Call it the Pentateuch (if you like the Greek), or the Torah (if you prefer Hebrew), or the Five Books of Moses (if legendary attribution is your thing). Whatever you call it, the collection of books from Genesis through Deuteronomy is an interesting read.
At the outset, I called the creation stories in Genesis "narrative theology." I think that descriptor can be applied to the entire Pentateuch (and beyond). These books are the way that ancient Israel told the story of its relationship with YHWH, its God.
The one God (whether that means the only God or the greatest of the divine beings) who created the world chose to make a covenant with Israel. He would be their God and they would be his people.
Their forebears were difficult, argumentative, sinful, faithful people. The patriarchs' families were dysfunctional to say the least. They were not chosen because they were holy. They were holy because they were chosen.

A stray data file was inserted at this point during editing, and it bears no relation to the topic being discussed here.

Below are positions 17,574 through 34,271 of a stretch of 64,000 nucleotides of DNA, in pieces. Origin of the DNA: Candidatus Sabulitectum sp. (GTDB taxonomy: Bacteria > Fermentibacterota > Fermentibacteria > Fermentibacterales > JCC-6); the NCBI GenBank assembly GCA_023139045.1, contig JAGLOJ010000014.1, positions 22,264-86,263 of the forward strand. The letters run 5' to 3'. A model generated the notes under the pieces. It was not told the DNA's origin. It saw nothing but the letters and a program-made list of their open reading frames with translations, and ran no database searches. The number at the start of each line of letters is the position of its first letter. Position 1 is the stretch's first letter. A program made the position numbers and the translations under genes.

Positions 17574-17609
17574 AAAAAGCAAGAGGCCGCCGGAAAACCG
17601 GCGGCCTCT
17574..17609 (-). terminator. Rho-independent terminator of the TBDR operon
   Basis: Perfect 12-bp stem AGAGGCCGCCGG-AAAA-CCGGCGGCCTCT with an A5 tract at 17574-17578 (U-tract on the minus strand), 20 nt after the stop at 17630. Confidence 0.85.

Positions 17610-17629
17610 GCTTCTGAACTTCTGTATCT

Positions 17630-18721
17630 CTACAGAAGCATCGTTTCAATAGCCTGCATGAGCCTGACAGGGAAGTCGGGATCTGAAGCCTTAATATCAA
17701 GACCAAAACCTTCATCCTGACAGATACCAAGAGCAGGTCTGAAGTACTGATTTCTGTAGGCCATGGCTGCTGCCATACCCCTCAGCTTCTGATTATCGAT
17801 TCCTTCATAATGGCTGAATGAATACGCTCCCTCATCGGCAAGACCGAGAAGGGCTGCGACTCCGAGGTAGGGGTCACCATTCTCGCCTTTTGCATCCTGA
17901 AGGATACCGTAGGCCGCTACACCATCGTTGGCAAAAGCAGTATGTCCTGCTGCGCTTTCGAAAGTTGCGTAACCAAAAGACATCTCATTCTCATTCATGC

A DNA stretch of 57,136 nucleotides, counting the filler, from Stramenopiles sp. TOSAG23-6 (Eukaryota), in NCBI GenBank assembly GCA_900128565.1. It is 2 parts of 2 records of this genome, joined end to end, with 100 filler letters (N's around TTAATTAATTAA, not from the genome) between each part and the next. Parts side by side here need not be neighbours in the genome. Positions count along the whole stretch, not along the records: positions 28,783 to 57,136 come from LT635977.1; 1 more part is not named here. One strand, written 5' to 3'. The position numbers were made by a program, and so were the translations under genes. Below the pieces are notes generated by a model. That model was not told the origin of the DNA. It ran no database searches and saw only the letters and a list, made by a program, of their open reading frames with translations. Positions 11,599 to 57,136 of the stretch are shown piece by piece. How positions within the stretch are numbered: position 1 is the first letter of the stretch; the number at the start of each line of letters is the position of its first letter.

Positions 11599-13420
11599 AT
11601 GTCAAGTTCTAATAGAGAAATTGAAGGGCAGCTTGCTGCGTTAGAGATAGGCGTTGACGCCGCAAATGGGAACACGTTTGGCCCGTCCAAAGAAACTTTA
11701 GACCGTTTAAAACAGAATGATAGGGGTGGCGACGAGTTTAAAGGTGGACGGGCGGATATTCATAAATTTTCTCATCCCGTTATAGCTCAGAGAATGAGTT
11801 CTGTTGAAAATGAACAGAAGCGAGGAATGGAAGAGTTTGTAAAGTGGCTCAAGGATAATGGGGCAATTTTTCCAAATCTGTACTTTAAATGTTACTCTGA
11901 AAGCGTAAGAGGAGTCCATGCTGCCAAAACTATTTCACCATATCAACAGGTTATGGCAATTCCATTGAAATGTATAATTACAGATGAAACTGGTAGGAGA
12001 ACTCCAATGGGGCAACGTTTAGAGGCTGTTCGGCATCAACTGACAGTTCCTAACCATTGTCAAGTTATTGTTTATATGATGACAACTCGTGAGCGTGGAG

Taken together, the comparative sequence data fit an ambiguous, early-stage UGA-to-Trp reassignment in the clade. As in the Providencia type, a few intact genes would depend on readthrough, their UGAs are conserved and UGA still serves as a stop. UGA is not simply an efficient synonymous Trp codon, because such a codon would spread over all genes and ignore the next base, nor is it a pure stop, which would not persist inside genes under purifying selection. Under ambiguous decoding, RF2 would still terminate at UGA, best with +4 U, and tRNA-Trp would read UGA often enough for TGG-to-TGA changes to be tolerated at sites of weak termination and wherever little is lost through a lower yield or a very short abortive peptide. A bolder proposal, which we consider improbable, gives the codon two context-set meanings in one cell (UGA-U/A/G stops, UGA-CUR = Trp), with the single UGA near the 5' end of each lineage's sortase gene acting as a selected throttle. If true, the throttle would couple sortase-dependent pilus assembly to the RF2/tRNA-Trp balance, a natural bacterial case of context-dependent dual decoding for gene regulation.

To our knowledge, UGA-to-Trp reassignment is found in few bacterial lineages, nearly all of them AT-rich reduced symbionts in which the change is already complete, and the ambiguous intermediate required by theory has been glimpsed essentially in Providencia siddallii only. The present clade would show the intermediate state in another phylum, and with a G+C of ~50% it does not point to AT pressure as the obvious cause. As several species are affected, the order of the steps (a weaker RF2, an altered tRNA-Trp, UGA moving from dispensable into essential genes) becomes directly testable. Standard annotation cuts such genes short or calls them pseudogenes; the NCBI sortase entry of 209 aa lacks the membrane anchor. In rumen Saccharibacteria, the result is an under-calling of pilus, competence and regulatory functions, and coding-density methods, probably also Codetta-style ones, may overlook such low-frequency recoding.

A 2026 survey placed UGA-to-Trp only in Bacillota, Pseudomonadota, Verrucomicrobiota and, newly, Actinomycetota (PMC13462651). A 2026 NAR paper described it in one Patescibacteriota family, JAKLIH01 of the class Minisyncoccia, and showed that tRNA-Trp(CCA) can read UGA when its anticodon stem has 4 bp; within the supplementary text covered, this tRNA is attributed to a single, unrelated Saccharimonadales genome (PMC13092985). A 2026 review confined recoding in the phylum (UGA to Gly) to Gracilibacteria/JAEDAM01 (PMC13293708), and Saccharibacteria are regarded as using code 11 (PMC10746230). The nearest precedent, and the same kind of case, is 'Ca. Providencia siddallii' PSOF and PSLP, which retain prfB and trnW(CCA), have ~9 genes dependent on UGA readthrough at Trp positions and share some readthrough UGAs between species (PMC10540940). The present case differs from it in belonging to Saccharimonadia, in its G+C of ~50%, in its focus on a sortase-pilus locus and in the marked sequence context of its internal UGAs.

Once a nation of slaves, the Israelites were rescued by YHWH from Egyptian bondage through the agency of Moses, another clay-footed hero. Moses led the Israelites through 40 years of wilderness wandering and gave them the laws by which they would be set apart as the Lord's people. Some of those laws are timeless precepts of justice. Others are practical. Some are bound by the culture that produced them. Some are just weird. Some--like that business with the "water of bitterness"--seem barbaric. Others display uncommon kindness.
Some of the stories in the Pentateuch are beautiful and inspiring. (Jacob and Esau reconcile). Others are disturbing. (The binding of Isaac). Still others are bizarre. (The bridegroom of blood episode).
For thousands of years faithful readers have found inspiration, instruction, hope, and correction in the Torah. For thousands of years people have read these books and encountered God.